Word of the private meeting unleashed a torrent of criticism on social media from national security veterans who worry the lack of a transcript will create a he-said-he-said showdown that could turn into a major headache for Trump.
Former NBA star Dennis Rodman has arrived in Singapore, hours before President Donald Trump is set to meet North Korean leader Kim Jong Un for the first time.
Rodman emerged from the baggage claim area at Changi airport around midnight Monday. He told reporters he wasn't sure if he would meet Kim in Singapore.
Last week, Rodman said he would "give whatever support is needed" to his "friends" Trump and Kim.
White House officials have said Rodman will play no official role in the diplomatic negotiations. Trump said last week that Rodman had not been invited to the summit.
He is one of the few westerners to have met the North Korean leader on visits to the capital city Pyongyang.
United Nations Secretary-General Antonio Guterres is urging U.S. President Donald Trump and North Korean leader Kim Jong Un to seize the opportunity "to support a peaceful, prosperous, secure and verifiably denuclearized Korean Peninsula."
The U.N. chief is commending the two leaders for pursuing a diplomatic solution and "seeking to break out of the dangerous cycle that created so much concern last year."
Guterres told reporters Monday ahead of the Trump-Kim summit in Singapore that "peace and verifiable denuclearization must remain the clear and shared goal."
The secretary-general says he wrote to both leaders last month saying "the road ahead will require cooperation, compromise and a common cause."
He says the U.N. system "stands ready to support this process in every way, including verification if requested by both parties."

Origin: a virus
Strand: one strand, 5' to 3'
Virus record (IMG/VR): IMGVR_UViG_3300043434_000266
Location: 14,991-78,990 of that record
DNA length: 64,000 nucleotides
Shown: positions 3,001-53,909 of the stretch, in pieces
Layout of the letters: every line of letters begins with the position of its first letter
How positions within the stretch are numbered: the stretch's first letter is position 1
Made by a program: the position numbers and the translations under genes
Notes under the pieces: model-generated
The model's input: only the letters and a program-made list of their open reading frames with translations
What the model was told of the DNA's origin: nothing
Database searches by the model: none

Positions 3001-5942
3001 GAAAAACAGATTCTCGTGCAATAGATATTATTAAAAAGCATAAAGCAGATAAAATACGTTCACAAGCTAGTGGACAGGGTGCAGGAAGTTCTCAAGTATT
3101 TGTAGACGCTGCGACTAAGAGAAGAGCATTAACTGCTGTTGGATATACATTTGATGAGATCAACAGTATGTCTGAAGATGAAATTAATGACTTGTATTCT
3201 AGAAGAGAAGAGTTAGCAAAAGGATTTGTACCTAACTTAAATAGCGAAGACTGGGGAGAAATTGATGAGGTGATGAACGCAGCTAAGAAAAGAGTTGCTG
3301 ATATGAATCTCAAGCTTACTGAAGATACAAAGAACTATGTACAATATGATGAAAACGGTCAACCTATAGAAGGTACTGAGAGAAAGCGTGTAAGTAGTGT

Former U.S. Defense Secretary William Perry is warning that if President Donald Trump and North Korean leader Kim Jong Un fail to reach a deal at their Singapore summit, there's an increased danger for a "catastrophic" military solution.
Perry says, "If it falls apart, it's probably worse than as if we ever started."
Perry says he's hopeful the two leaders will discuss normalization of ties as well as denuclearization to improve the prospect for long-term success of any deal.
He spoke Monday to The Associated Press at a Luxembourg Forum Conference on Preventing Nuclear Catastrophe event in Geneva.
Perry also served as President Bill Clinton's special envoy to North Korea and traveled there in 1999 to discuss its nuclear and missile programs.
The White House says President Donald Trump plans to visit U.S. military bases in Guam and Hawaii on the return from his historic summit with North Korea's Kim Jong Un.
Trump is expected to depart Singapore on Tuesday night after his meeting with Kim on Sentosa Island. Before leaving Singapore, the president is scheduled to address the media.
The White House says the president will stop at Andersen Air Force Base in Guam on Tuesday and also travel to Joint Base Pearl Harbor-Hickam in Hawaii later in the day.
The president visited the USS Arizona memorial at Pearl Harbor last November on his way to Asia.
Trump is expected to return to the White House on Wednesday morning.